Asthma—like diabetes, heart disease, and cancer—does not have a single initiating cause, making the development of models that start with cause and end with effect impossible to formulate. It doesn’t have well-defined triggers like the human immunodeficiency virus (HIV) for AIDS or the Cystic fibrosis transmembrane conductance regulator (CFTR) gene for cystic fibrosis.Growing rates of asthma, particularly in urban areas, increase the urgency of finding ways to unravel the causal pathways underlying this condition in order to find places to effectively intervene. Mathematical models provide one of the most powerful approaches to analyzing such complex problems.
The diagram shows just some of the connections leading to asthma, with arrows in green indicating the ones most amenable to mathematical modeling. To illustrate the thinking, we trace two paths from urbanization to asthma. First, as we all know, urbanization leads to crowding and thus increased chances for viral transmission. But modeling this process is complicated, because it depends not only on population density, but also on how people move and interact, which in turn depends on social and economic factors that are difficult to pin down.
From there, the path from virus infection to asthma, although far from well-understood, involves the better-defined dynamics of the immune system, including how a severe early childhood infection, often coupled with exposure to an allergen, can switch the immune system to an asthma-prone state, or can damage the airway leading to a destructive dynamic of repair. Certain genetic predispositions, such as impaired ability to fight viruses, can be understood and mathematically modeled in this context. The more speculative link between cleanliness, the so-called hygiene hypothesis, and improper tuning of the immune system in early life, will be ripe for mathematical modeling as the relevant components are identified and measured.
Various factors contributing to immune dysfunction and asthma. Image credit: Fred Adler
Other pathways are much further from being ready for mathematical approaches. Urbanization leads to stress of many sorts, mediated through crowding, social isolation, lack of quiet, or access to green space, and of course, economic uncertainty. Although mathematical sociology is a growing field—with its own journal--linking what we know to the biological effects of stress remains highly speculative.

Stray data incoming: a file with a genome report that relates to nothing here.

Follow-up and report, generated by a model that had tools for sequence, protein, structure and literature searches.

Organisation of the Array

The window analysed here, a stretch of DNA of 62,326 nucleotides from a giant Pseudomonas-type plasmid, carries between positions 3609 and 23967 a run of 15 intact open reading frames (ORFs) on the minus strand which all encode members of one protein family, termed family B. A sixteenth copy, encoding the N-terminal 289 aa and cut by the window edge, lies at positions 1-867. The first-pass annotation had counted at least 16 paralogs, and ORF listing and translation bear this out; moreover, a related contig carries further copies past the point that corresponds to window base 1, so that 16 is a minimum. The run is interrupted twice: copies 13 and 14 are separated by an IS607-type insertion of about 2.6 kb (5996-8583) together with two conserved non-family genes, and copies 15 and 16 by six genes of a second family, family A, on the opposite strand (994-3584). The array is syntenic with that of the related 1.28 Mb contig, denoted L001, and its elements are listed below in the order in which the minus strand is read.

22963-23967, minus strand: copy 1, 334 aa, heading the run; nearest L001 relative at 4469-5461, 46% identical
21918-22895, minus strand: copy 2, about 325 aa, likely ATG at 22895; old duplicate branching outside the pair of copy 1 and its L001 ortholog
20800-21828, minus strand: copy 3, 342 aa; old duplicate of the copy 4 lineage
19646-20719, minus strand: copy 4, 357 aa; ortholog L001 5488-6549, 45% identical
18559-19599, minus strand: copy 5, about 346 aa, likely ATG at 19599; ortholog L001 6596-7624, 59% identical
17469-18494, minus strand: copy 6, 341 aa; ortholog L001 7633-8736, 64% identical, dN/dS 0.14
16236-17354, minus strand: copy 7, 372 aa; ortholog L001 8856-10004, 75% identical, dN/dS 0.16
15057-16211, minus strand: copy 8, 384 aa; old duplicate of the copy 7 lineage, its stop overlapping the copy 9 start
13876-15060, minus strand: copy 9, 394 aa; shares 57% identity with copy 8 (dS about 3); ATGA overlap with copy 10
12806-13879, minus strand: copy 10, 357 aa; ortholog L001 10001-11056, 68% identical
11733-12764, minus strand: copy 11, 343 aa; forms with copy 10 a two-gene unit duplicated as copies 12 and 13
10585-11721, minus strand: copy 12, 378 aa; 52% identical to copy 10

In the long run, then, what does mathematical modeling have to contribute to the understanding of asthma? Our work has focused on three particular elements of the story, centered around rhinoviruses, the most common cause of the common cold. Despite their generally benign presentation, severe rhinovirus infections in infants lead to many hospitalizations, and those who suffer from wheezing are predisposed to asthma many years later.
First, the frequency of infections in infants depends on transmission at home and at daycare centers, and we have modeled how the distribution of family size and age can affect early exposure and infection. One key result is that transmission of rhinovirus is strongly dependent on symptoms. Given the general consensus that most symptoms are a consequence of the immune response, which in turn depends on each individual's history of infection, embedding the transmission dynamics for a given rhinovirus serotype (of which there are well over 100) into a long-term high-dimensional system will be crucial. Modeling the immune response is thus the second and most important component of a comprehensive modeling approach to asthma.
Third, the triggers for asthma, as noted above, center around the immune response, whether to severe early infections, allergens, or lack of exposure to the right kind of dirt. Our models have examined how a viral infection can tip the immune system into a different state, with the potential to predispose an individual to future asthma.
We are far from knowing enough to build a comprehensive mathematical, or even statistical, model of asthma. Parameter values for even the best-known parts of the pathway are largely unavailable. Even though quantitative prediction remains elusive, models provide the logical framework needed to break up a complex system into more manageable pieces and identify key loci for future research.
The author presented this research during a minisymposium at the 2017 SIAM Conference on Applications of Dynamical Systems, held in Snowbird, Utah, this May.
||Fred Adler is a professor in the Department of Mathematics and the Department of Biology at the University of Utah. His interests include ecology, epidemiology, immunology, and many fields of molecular and biomedical biology. He is past president of the Society for Mathematical Biology and director of the Center for Quantitative Biology.